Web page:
Global environmental changes—such as pollution, climate change, biodiversity loss, and freshwater decline—affect people worldwide, with impacts that are not just physical, but also social and economic. These changes affect family and community stability, social relationships, health, and sometimes survival. Consequences of global environmental change range from minor inconvenience to illness, injury, and death. Common effects are food and water insecurity, the incidence and worsening of physical health conditions, mental distress and emotional health problems, family separation, social network loss, housing damage, unemployment, income disruption, and asset depletion.
Environmental change is also a social justice issue. Consequences typically are worse for some groups than for others. People with less social, economic, and political advantage are more likely to experience negative effects from pollution, resource shortages, severe weather incidents, and other environmental problems.
Through innovative applied research, the Environment and Social Development initiative at the Center for Social Development examines social vulnerability to environmental change and strategies for mitigation and adaptation.
Mitigation is prevention or significant reduction of the environmental change itself. Adaptation is increased capacity of people to cope with changes that are already in motion or expected in the future. CSD emphasizes mitigation and adaptation through formal programs and policies designed to prevent environmental change, reduce social vulnerability, and increase resilience to environmental hazards. To pursue these programs and policies we emphasize social action—the mobilization of people in organized, collective efforts to question the status quo and advance policy change—grounded in empirical research and evidence-based solutions.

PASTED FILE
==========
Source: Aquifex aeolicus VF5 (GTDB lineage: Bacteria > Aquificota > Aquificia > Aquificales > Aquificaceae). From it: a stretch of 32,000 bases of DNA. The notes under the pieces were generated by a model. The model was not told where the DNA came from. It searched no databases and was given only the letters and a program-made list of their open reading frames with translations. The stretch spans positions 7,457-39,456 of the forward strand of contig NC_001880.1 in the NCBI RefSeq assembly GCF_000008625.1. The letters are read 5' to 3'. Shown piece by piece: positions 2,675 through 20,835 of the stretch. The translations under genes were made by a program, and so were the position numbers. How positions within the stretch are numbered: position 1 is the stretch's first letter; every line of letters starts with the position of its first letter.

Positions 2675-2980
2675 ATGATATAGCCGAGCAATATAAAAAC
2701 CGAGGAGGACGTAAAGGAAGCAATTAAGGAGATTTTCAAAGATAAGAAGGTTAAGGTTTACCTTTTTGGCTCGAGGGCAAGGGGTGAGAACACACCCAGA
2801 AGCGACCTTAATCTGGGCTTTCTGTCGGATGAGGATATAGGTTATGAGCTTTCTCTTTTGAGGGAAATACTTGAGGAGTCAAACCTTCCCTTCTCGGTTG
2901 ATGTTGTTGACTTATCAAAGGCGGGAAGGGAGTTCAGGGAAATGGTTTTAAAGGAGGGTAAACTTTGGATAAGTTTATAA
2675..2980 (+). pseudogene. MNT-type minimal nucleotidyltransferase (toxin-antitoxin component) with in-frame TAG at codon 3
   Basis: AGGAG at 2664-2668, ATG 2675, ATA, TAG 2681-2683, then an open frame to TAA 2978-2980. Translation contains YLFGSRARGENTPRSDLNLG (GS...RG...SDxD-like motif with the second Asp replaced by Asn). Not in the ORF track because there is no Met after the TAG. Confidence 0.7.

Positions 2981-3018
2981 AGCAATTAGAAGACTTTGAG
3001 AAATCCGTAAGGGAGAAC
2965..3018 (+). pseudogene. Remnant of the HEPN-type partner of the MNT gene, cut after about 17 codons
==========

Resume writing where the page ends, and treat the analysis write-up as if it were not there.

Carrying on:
Through this work, the Environment and Social Development initiative aims to contribute to a more environmentally sustainable world, in which all people have equitable and optimal opportunities to live full, healthy, and productive lives.
Listen to or view transcript of an explanation by Dr. Lisa Reyes Mason (inSocialWork podcast episode 262, University of Buffalo)